Print all the even elements of a list

I am trying to print all the even elements of a list, For that I am using the following code:

par(X) :- X mod 2 =:= 0.
print_lista([]).
print_lista([P | R]) :- 
    P == par(P),
    write(P),
    print_lista(R).
print_lista([P | R]) :- 
    P \= par(P),
    print_lista(R).

The above code does not work. What am I doing wrong?

The following code works fine. But I can not figure out why the above code does not work.

par(X) :- X mod 2 =:= 0.
print_lista([]).
print_lista([P | R]) :- 
    par(P), !,
    write(P),
    print_lista(R).
print_lista([P | R]) :- 
    print_lista(R).

Another question is regarding the fact that the last code while compiling it shows the following warning, in the line, print_lista([P | R]) :- print_lista(R).:
Warning: …:
Singleton variables: [P]

Thanks,

See the documentation for the (==)/2 operator. If P has been bound to, lets say, the number two, you are saying:

2 == par(2)

which means succeed if the term 2 is equivalent to the term par(2); of course this will never succeed.

You have a similar problem with P \= par(P). You are saying succeed if I cannot unify the term P with the term par(P).

In none of the above cases the predicate par/1 is being called.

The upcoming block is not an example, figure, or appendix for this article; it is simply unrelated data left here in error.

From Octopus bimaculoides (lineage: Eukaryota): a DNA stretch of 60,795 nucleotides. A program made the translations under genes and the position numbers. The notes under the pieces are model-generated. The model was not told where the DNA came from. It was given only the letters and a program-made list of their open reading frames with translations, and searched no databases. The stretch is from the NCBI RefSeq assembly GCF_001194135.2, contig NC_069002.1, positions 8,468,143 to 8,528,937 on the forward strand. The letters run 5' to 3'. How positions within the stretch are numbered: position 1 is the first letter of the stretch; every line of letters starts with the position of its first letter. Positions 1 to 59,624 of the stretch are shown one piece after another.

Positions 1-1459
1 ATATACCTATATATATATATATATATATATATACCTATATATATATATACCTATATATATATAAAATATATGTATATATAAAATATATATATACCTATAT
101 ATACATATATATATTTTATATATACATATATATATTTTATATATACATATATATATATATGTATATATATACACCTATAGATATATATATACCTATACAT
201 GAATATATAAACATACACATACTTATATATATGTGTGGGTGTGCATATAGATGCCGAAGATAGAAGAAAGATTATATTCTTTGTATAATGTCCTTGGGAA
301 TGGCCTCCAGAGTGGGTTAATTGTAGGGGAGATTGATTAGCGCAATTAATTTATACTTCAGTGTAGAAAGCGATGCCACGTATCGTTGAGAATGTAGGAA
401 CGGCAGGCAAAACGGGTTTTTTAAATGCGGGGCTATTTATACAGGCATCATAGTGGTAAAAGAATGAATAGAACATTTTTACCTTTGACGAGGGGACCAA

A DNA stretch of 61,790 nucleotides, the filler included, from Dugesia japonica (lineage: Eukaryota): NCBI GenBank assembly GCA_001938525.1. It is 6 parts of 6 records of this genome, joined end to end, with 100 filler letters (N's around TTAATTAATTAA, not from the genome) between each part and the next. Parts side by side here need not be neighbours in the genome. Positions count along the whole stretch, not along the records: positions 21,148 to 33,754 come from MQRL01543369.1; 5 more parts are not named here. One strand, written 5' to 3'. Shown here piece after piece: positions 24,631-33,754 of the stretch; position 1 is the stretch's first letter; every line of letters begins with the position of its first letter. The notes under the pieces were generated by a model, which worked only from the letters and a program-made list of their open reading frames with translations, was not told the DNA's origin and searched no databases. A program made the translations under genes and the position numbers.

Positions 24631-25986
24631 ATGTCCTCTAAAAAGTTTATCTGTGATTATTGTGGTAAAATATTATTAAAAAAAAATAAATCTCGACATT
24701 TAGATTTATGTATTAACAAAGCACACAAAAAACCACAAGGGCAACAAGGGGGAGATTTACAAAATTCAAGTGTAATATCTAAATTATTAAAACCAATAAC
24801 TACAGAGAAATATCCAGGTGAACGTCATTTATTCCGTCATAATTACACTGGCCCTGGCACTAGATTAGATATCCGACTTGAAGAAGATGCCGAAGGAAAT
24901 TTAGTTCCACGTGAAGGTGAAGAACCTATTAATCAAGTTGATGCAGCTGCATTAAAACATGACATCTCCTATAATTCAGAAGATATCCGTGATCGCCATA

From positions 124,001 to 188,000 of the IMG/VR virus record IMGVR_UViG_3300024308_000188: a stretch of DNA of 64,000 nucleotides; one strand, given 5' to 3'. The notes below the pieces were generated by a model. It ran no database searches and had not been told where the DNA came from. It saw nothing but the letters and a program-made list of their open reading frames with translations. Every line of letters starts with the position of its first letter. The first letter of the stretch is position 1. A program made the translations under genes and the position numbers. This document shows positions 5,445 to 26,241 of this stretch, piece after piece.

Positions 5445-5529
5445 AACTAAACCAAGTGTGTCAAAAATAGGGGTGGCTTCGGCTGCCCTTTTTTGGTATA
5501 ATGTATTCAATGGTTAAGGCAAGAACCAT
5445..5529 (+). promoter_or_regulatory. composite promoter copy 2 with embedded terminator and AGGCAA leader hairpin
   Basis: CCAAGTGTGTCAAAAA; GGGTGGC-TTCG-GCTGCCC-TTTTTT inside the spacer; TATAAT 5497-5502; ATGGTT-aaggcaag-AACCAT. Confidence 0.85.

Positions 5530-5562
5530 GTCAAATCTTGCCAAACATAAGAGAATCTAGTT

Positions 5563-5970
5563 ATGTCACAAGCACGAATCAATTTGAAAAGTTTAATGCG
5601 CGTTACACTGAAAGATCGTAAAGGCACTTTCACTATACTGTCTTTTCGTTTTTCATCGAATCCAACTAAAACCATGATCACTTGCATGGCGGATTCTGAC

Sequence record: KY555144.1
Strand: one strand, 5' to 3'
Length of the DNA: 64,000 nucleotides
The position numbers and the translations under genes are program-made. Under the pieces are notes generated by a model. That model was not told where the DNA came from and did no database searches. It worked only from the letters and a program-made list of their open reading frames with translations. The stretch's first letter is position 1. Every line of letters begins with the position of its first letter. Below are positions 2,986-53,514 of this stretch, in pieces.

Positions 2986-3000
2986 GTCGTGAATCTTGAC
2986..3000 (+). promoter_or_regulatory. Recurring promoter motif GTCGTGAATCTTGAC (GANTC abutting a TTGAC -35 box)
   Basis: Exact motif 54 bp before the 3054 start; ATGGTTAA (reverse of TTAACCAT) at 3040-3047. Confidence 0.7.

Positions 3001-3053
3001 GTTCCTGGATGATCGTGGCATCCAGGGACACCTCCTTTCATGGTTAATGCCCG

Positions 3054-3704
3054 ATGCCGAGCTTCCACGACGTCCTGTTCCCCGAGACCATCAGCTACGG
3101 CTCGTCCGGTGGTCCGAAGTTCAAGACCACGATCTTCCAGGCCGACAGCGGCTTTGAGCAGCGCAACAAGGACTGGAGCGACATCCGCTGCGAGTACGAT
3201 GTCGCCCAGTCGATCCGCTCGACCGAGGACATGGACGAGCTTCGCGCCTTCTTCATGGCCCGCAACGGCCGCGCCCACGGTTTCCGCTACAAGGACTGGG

As you figured out, what you want is par(P) for the first test and \+ par(P) for the second.
See the documentation for \+.

You get this warning because the variable P is not used in the body of the third clause of print-lista/1. To get rid of the warning indicate that you won’t use this variable by naming it _P (with an underscore)

Thank you very much. Learning Prolog has been challenging.

Yes, you need to change the paradigm, the way of thinking. Try to forget about imperative languages for a time. Some things you may find useful:

  1. do not think of variables as something that you assign a value
    1.1. Instead think of them as a placeholder that dissapears from existence as soon as a value is bound to it (like in mathematical equations).
  2. do not think of predicates as functions, but rather as a name that establishes a relationship between the arguments
  3. When prolog tries to find a clause head to match, it does not call anything, it simply tries to unify the terms of the query (or goal) and the clause head.

I would recommend reading the tutorials at The Power of Prolog from the beginning as they may clarify some basic concepts.

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Thank you so much for the advice and recommendations.